Most of you might think this is rational when you learn about this. Indeed, Japan has also adopted the exclusionary rule, and its district courts and high courts pointed out the illegality of investigation by investigation agencies and started to deny evidence obtained through such investigations relatively early on.
However, the Supreme Court of Japan theoretically recognized the exclusionary rule in 1978, and it was not until 2003 that the Supreme Court actually applied it to rule out such evidence, which is quite late compared to lower courts.
Since evidence is an important source for finding facts in criminal trials, fact finding may depend on whether the evidence is accepted or denied. As an extreme case, if denied evidence is the only incriminating evidence, it will be impossible to find a defendant guilty.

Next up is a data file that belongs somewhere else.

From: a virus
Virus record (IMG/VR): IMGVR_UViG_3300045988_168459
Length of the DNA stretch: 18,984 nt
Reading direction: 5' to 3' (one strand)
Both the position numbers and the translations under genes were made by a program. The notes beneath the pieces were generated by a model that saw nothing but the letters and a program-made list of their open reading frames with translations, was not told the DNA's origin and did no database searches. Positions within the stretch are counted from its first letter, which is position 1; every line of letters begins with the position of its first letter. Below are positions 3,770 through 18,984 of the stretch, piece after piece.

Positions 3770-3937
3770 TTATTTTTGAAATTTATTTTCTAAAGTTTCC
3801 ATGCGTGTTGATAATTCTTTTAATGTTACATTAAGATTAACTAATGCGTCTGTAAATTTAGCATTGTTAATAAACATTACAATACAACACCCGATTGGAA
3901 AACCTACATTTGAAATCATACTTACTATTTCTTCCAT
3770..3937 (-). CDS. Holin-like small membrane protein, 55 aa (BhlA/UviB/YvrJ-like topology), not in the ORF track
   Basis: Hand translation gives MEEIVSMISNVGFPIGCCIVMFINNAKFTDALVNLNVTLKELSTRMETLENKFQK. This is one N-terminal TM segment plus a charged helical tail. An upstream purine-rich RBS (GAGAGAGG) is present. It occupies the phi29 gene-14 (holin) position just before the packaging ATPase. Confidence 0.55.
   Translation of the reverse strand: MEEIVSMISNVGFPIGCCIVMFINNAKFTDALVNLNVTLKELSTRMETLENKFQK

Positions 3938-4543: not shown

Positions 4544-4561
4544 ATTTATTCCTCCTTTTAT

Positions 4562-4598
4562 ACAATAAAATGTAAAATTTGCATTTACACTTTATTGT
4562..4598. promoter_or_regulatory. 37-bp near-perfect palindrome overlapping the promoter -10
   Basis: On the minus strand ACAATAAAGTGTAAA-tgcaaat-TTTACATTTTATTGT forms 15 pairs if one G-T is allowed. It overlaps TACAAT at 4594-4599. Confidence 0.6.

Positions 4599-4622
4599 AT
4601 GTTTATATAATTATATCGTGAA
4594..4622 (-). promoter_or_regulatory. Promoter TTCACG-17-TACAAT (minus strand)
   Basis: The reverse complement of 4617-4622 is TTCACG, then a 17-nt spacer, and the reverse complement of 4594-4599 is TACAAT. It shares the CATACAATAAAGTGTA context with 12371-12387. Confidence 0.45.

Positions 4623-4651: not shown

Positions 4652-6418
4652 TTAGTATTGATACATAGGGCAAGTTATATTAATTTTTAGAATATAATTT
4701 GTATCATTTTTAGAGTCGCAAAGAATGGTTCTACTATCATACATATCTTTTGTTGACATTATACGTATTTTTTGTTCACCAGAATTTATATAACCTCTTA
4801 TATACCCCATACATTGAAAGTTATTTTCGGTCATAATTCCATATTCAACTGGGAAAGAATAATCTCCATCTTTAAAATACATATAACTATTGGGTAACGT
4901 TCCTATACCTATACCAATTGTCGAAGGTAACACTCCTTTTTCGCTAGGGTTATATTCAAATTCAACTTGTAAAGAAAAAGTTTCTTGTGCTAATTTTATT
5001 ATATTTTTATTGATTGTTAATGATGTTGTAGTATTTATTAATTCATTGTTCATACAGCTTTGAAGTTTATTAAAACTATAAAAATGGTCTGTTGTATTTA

It is impermissible for investigation agencies to conduct illegal investigations. If an illegal investigation comes to light, it should also be impermissible for a court to find fact based on evidence obtained through such an investigation.
If such evidence is permissible, one can argue that a court, which makes a judgment on an impartial and independent ground, has a hand in the illegal conduct. This would undermine public confidence in courts.
On the other hand, if evidence is ruled out only because there is a minor procedural error by an investigation agency, many of those who are supposed to be convicted may not be punished or brought to justice.
For example, a police officer might commit a minor misconduct because they have a strong sense of mission to investigate a crime and collect evidence without fail or because they make a wrong decision in ever-changing situations of investigation.
If a court went strictly by the book to rule out evidence even if it was a minor misconduct, this would also undermine public confidence.